Pelosi may speak again, but may require high-pitched action

WASHINGTON: There’s little doubt Nancy Pelosi he will be re-elected Speaker of the House when the new Congress meets on Sunday. It may take some very good action to get there, largely due to the pandemic.
The only woman in history to serve as a speaker, the Democrat from California has a reputation as a formidable vote-counter and understanding. These skills have helped her avoid threats and strengthen her as the leader of her party in the House since 2003, and appear to be able to carry on January 3, when the Constitution requires the start of the new Congress.
“Yes, yes,” Pelosi told a reporter this week when asked if his votes were over.
What seemed like a sign of confidence, Pelosi told reporters on Wednesday that Mariannette Miller-Meeks, R-Iowa, will be sworn in, even though Democratic opposition leader Rita Hart’s challenge to the election results remains under scrutiny by the House. Miller-Meeks is sure he will vote against Pelosi for speaking.
Even so, the terrain on which Pelosi faces will allow almost no margin for error.
The plenary elects the president, and Democrats will have the smallest majority in the House in 20 years, in a vote in which Republicans will vote unanimously against it, joined by Democratic deserters. Democrats will have a 222-211 advantage, with a still undecided race and a vacant post after the elected deputy Luke Letlow, R-La., Died on Tuesday after fighting Covid-19.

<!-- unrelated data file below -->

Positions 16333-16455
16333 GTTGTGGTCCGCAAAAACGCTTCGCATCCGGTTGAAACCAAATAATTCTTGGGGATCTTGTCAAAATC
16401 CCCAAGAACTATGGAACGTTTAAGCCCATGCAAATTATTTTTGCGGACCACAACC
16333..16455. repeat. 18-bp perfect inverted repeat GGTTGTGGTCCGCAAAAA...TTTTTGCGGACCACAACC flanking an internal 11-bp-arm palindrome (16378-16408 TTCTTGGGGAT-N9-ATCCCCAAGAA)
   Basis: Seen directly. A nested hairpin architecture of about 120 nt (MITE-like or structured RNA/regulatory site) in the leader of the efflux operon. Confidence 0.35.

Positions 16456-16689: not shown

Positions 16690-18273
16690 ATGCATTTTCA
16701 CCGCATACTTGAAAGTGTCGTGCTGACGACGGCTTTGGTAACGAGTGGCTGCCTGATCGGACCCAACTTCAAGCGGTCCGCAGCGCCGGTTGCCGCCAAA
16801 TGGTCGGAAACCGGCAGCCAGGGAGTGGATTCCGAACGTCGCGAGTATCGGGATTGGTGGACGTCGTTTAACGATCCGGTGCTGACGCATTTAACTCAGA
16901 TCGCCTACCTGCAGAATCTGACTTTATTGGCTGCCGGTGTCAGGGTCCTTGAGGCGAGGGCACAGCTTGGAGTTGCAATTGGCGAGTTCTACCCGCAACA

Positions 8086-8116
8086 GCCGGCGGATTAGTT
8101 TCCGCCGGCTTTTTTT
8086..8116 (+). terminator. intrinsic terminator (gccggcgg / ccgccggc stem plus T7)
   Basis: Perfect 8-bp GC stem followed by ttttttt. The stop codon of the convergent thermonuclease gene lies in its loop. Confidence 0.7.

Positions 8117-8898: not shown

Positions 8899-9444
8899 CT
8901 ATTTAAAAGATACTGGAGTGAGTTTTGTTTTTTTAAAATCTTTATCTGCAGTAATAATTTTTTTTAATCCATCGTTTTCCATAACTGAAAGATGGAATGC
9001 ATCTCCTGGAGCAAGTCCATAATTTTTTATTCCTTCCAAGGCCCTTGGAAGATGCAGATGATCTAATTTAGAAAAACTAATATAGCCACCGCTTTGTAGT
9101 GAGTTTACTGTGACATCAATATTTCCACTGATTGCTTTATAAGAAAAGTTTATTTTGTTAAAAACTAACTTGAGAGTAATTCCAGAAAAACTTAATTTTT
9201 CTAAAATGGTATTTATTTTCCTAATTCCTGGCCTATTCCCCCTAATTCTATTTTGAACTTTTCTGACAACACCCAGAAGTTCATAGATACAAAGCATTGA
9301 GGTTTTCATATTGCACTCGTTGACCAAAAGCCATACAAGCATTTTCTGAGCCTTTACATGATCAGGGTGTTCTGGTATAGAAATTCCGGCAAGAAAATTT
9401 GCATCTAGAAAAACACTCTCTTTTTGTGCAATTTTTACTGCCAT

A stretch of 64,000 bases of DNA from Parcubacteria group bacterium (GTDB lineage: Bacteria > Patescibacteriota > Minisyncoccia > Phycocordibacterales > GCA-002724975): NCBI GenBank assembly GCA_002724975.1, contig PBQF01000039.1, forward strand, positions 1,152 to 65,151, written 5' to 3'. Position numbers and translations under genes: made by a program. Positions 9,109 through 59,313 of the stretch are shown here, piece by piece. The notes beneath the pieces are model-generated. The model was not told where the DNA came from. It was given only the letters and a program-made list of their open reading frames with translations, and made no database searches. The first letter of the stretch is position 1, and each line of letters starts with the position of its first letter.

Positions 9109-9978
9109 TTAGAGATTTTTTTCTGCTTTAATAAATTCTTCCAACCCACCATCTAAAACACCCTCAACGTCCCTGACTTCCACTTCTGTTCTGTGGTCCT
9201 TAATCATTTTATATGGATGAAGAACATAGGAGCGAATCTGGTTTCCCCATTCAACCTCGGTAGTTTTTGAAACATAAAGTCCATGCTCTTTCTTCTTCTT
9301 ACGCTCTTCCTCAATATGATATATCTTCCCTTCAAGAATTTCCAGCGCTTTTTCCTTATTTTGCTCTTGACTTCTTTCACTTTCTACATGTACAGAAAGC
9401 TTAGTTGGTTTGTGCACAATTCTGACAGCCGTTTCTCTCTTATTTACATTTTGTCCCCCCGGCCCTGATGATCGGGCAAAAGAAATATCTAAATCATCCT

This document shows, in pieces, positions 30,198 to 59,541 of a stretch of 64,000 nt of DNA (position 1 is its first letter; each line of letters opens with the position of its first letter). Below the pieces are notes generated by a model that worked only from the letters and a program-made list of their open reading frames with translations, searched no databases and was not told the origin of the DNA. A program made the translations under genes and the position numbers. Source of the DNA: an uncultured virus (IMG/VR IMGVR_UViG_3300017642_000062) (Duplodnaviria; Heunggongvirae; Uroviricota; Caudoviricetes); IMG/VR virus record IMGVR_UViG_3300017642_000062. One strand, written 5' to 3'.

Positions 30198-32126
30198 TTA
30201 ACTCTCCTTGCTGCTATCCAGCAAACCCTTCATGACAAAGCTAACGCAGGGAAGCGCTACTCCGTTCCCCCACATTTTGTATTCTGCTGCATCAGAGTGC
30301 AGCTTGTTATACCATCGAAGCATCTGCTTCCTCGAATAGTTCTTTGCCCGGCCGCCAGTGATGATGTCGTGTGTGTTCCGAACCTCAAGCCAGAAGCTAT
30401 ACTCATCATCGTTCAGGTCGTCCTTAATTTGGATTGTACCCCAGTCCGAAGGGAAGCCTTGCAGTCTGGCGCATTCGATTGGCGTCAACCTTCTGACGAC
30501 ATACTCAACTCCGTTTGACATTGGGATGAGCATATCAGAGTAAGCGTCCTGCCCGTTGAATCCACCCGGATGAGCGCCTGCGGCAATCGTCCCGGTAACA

The furious coronavirus pandemic, combined with routine illness and the usual risks of winter travel, could make the presence unpredictable for the first home call in the months when lawmakers will have to attend in person. To avoid the risks of exposure to Covid-19, the House changed its rules this year to allow its members to vote by proxy from their homes, but this change is dying with the old Congress.
“I’m fine,” Pelosi said when asked if COVID-19 absences are a concern.
The election of the speaker, in which members traditionally vote verbally in alphabetical order, was long the first vote taken by the new House. Due to COVID-19 concerns, lawmakers will vote in groups in a roll call that will last between three and four hours.
“It’s extraordinarily complicated for Pelosi,” said Rep. Tom Cole, R-Okla., An 18-year congressional veteran. However, he said she expects it to prevail “because I don’t see what the alternative is” for Democrats.
To make sure they are at their best, leaders on both sides are urging lawmakers to take health measures and return to Washington well in advance of Sunday to avoid travel obstacles.
In this week’s memoirs, Congressional Chief Medical Officer Dr. Brian Monahan and Gun Sergeant Paul Irving told members of the House that any guests, including family, will need to meet local Columbia District requirements for COVID-19 testing.
On a day when the families and friends of the members normally swarm all over the Chapter, the newlyweds of the House will be allowed to have only one guest each in the gallery of the room to watch them take their oath. Returning members will not be allowed to have guests in the gallery.